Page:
Radiant (or how not to give a spider a bath)

  It’s Wednesday night, just me and my 7 year-old daughter, and I’m having a hard time settling into the play time I promised earlier when I wasn’t thinking about dinner or checking and signing off on homework, which will probably require a Notary by the time she is a parent. The thought of Candyland exhausts even her, so we browse an extensive movie library of mostly crap and stream Charlotte’s Web, which my daughter tells me they’re reading in class.

This is the live-action remake, not the funky 70s cartoon, which I think we can all agree had a jazzier take on Templeton’s fair binge, but it’s very hard to get kids to watch old stuff without being reminded how boring it is to new people. About an hour in, I realize my daughter has no idea how it ends. We’re heading to heartbreak at breakneck speed.

She innocently asks what radiant means and I offer a rushed definition that does not clarify how radiant could possibly apply to a pig because I’m not sure, and then I casually warn her the movie has a sad ending. Then I wind up spoiling the whole thing because I don’t want her to think the pig dies, which I think would be sadder. When the (spoiler alert!) deathbed scene happens and Wilbur pulls away in the back of a truck while Charlotte takes her last spider breaths, I realize I’m wrong.

In real life, a spider is a terrifying thing you might see in your washing machine after you already added water and the costume clothes you bought at Goodwill and left in a bag in the garage to quarantine for several days (because the only insect scarier than spiders are bedbugs) and you scream a scream even you don’t recognize as coming from yourself and slam down the lid, and later you will make your husband switch out the laundry but will not ask about the limp, spindly carcass the size of a small rodent he must have pulled out and had to bury in the backyard. You do not inform the children their hobo costumes are now haunted by a spider. This is all hypothetical, of course.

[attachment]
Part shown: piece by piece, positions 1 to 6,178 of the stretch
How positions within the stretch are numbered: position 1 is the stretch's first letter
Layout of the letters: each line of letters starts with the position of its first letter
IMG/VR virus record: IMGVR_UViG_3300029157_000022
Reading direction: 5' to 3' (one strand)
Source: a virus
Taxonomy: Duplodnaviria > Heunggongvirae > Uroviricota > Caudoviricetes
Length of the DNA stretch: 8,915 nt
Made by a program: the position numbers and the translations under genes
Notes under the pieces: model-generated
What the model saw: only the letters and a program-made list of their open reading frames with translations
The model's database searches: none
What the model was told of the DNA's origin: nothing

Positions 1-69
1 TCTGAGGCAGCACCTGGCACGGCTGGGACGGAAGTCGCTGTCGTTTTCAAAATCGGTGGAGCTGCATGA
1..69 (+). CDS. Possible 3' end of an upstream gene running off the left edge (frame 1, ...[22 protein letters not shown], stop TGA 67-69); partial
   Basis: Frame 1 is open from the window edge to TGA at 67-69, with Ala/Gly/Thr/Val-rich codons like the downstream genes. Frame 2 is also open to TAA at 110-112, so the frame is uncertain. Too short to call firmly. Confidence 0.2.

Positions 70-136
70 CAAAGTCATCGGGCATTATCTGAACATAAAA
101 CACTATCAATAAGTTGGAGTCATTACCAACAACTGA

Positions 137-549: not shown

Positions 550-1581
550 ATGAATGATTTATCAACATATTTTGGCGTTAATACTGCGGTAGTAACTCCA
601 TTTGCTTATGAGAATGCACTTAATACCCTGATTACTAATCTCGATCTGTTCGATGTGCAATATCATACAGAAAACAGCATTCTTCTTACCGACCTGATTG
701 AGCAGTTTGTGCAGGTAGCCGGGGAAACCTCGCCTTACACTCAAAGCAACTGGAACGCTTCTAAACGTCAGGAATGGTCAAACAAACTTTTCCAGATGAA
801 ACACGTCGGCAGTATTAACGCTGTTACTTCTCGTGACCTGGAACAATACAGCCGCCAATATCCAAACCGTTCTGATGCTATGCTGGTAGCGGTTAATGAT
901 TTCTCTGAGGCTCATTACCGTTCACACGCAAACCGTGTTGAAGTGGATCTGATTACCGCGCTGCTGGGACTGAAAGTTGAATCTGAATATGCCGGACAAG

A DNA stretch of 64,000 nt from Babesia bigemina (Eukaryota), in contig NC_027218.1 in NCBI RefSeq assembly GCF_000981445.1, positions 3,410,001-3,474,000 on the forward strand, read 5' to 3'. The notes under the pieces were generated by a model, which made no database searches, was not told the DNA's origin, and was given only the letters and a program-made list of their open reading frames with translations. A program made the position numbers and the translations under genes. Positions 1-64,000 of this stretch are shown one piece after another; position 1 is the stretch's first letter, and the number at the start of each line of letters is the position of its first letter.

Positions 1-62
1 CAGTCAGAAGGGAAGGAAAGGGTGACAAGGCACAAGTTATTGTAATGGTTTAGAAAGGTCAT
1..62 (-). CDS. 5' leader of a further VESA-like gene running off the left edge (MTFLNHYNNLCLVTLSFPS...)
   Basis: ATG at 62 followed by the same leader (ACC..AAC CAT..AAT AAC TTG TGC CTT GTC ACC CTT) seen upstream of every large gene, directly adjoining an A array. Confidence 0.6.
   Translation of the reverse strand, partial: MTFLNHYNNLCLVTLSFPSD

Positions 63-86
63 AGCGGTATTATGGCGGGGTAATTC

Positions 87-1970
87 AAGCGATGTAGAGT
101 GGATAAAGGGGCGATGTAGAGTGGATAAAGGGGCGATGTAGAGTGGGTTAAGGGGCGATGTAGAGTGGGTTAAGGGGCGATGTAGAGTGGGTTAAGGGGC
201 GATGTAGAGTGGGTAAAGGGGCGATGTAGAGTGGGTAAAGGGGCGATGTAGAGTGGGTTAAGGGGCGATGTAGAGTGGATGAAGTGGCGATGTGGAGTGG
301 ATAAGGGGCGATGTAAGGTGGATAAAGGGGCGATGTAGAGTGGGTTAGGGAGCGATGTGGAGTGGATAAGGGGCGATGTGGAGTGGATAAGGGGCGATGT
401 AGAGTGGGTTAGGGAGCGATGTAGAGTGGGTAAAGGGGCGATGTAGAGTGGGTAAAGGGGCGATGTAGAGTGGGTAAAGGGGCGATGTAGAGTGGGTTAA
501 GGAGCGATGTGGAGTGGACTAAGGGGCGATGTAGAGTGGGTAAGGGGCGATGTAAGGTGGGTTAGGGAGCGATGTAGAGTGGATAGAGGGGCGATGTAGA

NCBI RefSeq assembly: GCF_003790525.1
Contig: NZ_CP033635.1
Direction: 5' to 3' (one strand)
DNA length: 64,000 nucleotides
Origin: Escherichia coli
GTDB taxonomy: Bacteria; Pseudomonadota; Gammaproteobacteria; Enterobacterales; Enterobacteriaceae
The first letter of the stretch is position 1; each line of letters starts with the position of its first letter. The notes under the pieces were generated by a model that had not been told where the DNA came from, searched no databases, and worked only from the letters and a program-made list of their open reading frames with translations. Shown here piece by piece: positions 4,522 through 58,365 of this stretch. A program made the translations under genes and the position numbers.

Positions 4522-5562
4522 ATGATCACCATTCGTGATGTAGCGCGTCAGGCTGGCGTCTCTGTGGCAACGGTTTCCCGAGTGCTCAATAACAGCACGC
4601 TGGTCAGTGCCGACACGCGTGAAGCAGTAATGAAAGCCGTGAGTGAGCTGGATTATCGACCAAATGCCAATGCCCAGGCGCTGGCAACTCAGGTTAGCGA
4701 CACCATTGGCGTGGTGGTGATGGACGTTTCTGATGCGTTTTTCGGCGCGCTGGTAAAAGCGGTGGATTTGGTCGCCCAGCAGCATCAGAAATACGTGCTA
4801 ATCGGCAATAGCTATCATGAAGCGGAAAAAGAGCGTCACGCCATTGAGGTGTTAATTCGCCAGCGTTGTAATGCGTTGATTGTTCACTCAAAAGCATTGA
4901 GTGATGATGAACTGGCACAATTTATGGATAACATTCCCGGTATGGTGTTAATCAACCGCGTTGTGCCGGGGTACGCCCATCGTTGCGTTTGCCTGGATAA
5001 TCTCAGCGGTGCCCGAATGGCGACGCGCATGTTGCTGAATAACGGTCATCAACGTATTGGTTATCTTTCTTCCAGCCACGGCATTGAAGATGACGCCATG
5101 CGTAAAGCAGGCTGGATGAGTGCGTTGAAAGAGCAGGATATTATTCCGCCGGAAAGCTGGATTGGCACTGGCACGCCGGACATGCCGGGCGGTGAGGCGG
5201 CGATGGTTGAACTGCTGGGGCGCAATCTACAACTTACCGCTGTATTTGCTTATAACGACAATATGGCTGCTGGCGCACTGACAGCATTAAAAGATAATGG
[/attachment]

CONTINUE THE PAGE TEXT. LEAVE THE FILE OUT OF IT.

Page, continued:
The movie version of a spider has fur that looks soft and inviting and pretty eyelashes and a voice like Julia Roberts’, and she has just died poignantly, heartbreakingly.

My daughter crumbles and tells me she needs a hug and I hold her while trying to hide my own tears. She says “I don’t want you to die” and breaks into fresh sobs and I tell her I don’t plan to anytime soon and make a weak joke about being compared to a spider but she forces me to stay with her grief. She says “At least we’ll get to see each other again in heaven” and I wonder when she came up with that because we only recently discussed heaven as one possibility. I like that she thought about it more and made it her own.

This makes me think of my own mother, who is presumably up in heaven waiting for her mother to join her and later, if all goes well, my brother and I. The mother I barely know is a collage of outfits and happy poses from photographs I’ve seen and stories my grandmother told over the years, and yet I’ve felt her love my whole life, especially in the last year, which is interesting but not surprising because I wasn’t looking as hard before.

I start to think about how it might work in heaven, like at what age are we preserved and how do family members find us, presumably not all at the same time since who wants tense family dinners in the afterlife. And what about the cats I’d love to see again, plus my aunt’s golden retriever that used to let us lie on her like a pillow. I don’t care how peaceful heaven is, my old cats won’t put up with other cats, much less a dog. Plus there are possibly spiders in heaven. 

I say to my daughter that when someone dies, their spirit lives on in our hearts and memories and they never leave us. I think to myself that her and I are making a memory right now because we are both 100% in the moment together and crying on the couch (me silently). It reminds me of how I used to hold her in this same spot and stare at her tiny perfect face in the weeks after she was born in an effort to make maternity leave feel as long as possible. Heartbreak is everywhere, but instead of waiting to possibly see someone in heaven again, we get to love the ones we have right now and create and savor new memories, each more delicious than the last.

56 thoughts on “Radiant (or how not to give a spider a bath)

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  1. Some pig. I love that book so much. I haven’t seen either of the film versions. The great thing about a well-told story is that you can get so invested in a character — even a spider — that you are bereft when the character goes to that big web in the great beyond.

    I like your concept of spirits living on in our hearts, which seems like a better place, and closer, than heaven.

    Liked by 13 people

    1. That’s one of my favorites, top 5 for sure. My husband told me the spider bite in the song was really a heroin abscess. (Maybe we’ve discussed this before.) Great song, thanks for sending.

      Liked by 2 people

  2. I never read the book because I don’t like to see animals die.
    I would hide behind my chair when Lassie came on!
    My grandmas, grandpas, MIL, and my father, all live with me in my spirit and soul!

    Liked by 6 people

  3. And now I’m crying, too. The picture I have in my head of you and your girl makes my heart swell. You know she’ll remember this moment with you on the couch talking about grown up concepts in only the way a child can.